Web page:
Volleyball is a sport that I never connected with, probably because of my introduction decades ago in elementary school. Half of the physical education class was stationed on each side of the net and I never was able to touch the ball. So obviously …
Volleyball is a sport that I never connected with, probably because of my introduction decades ago in elementary school. Half of the physical education class was stationed on each side of the net and I never was able to touch the ball. So obviously I had no feel for the game. However, after watching girls play volleyball the past few years, I have a new appreciation for the sport.
The all-classification Colorado State High School Volleyball Championships will be Nov. 10-11 at the Denver Coliseum and it will provide a chance for fans to watch some remarkable athletes.
It appears that more girls are being drawn to volleyball instead of basketball. According to National Federation of State High School Associations national participation figures from 2016-17, there were 444,779 volleyball players compared to 430,368 basketball players.
In Colorado, there were 9,446 volleyball participants with 7,082 volleyball athletes. Several area high school coaches offered opinions about the participation spike of girls volleyball, and topping the reasons was the idea that the game is more fun.
Also volleyball is less physical than basketball and involves less running. The growth of club teams initiating youngsters to the game has spurred interest. Plus volleyball can be played on three courts hardwood, sand and grass.
One thing for sure, there will be plenty of excitement and cheering from players on the court at the state tournament.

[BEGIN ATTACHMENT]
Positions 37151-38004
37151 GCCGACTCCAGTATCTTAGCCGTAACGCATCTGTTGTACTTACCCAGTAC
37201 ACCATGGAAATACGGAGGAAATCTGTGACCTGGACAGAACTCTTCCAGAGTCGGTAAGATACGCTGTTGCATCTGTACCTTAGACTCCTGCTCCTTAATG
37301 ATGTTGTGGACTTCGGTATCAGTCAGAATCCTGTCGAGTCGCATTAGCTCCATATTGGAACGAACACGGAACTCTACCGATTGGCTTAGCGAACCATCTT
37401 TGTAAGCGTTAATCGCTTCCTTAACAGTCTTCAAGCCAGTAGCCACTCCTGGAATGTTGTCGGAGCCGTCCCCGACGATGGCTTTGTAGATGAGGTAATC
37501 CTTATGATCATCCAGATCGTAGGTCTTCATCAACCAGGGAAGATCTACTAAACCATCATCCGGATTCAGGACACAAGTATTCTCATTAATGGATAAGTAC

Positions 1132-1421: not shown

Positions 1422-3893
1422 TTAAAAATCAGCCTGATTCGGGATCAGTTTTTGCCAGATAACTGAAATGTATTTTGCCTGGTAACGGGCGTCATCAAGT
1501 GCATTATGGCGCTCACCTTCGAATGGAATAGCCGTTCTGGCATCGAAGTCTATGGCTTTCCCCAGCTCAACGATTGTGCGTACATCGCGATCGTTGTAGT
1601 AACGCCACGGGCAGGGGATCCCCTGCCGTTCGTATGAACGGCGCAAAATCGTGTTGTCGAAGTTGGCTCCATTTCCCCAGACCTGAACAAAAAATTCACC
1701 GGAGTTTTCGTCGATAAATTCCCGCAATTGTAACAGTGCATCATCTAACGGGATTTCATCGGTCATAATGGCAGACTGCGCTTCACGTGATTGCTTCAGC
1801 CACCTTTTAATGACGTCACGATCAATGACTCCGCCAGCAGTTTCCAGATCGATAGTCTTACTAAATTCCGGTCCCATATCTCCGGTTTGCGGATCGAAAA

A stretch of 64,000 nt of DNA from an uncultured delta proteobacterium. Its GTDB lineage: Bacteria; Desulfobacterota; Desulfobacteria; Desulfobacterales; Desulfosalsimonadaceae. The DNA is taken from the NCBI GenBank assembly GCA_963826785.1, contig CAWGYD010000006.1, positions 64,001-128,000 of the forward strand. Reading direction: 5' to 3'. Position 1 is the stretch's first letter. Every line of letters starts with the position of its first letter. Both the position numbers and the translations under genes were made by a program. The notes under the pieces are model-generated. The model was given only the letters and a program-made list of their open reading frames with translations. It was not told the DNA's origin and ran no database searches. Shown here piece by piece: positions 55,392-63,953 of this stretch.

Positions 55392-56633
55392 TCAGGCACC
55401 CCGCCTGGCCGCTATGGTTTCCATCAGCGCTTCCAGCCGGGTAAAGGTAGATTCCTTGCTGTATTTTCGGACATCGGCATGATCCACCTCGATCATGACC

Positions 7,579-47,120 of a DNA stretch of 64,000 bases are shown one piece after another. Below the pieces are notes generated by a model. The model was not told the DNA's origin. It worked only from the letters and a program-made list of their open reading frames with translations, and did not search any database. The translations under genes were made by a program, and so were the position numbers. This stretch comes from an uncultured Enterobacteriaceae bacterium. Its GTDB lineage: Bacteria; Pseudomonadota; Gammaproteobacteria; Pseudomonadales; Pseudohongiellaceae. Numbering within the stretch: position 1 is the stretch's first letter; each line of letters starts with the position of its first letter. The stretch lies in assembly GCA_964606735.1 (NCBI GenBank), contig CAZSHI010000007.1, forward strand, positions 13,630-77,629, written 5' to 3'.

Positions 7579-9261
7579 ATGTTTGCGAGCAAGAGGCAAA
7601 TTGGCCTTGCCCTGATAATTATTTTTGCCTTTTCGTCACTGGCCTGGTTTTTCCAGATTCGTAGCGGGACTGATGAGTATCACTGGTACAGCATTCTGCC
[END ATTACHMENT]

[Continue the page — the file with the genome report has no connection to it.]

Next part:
There will definitely be some taller girls and some shorter, but most have the quickness, vertical leaping ability, agility and mental toughness to play.
One warning for those watching matches for the first time. Don’t head to the concession stands during a set that might appear to be lopsided or over. Momentum swings in volleyball happen as fast as one can change the television channel with the remote control. A five-point run by one team can be countered by a seven-point run by the opposition.
Everybody enjoys watching the spikes of attackers, the accurate passes of a setter and the acrobatic digs on defense, but serves and serve receiving are two of the most important and sometimes overlooked parts of the game.
And there is also strategy involved in volleyball, but I’ll save comments of that for another day after I watch a few more matches and learn more.
Winter is here
Seems like it was just yesterday looking over prognoses for the upcoming football, softball, volleyball and boys soccer and tennis seasons, but time never seems to slow down.
Now, all winter sports can officially start practice Nov. 10 and the first games/meets can be held Nov. 29.
It might be a little premature if fans are following just one team, but for all those who just like to watch high school football, tickets can now be purchased for the CHSAA Championship Saturday, which features the Class 4A and 5A state championship football games at Sports Authority Field at Mile High.
Championship Saturday XIII, presented by the CHSAA, Colorado Sports Hall of Fame and the Denver Broncos, is set for Dec. 2 with the 4A game starting at 11 a.m. followed at 2:30 p.m. by the 5A title contest.
Ticket price is $15 for all attendees and seating is general admission. To avoid long lines on game day, fans are encouraged to purchase tickets at Sports Authority Field at Mile High or by calling TicketMaster at 800-745-3000.
Oh yeah, game-day suites are available for $850 and can be reserved by calling 720-258-3333.
Jim Benton is a sports writer for Colorado Community Media. He has been covering sports in the Denver area since 1968. He can be reached at firstname.lastname@example.org or at 303-566-4083.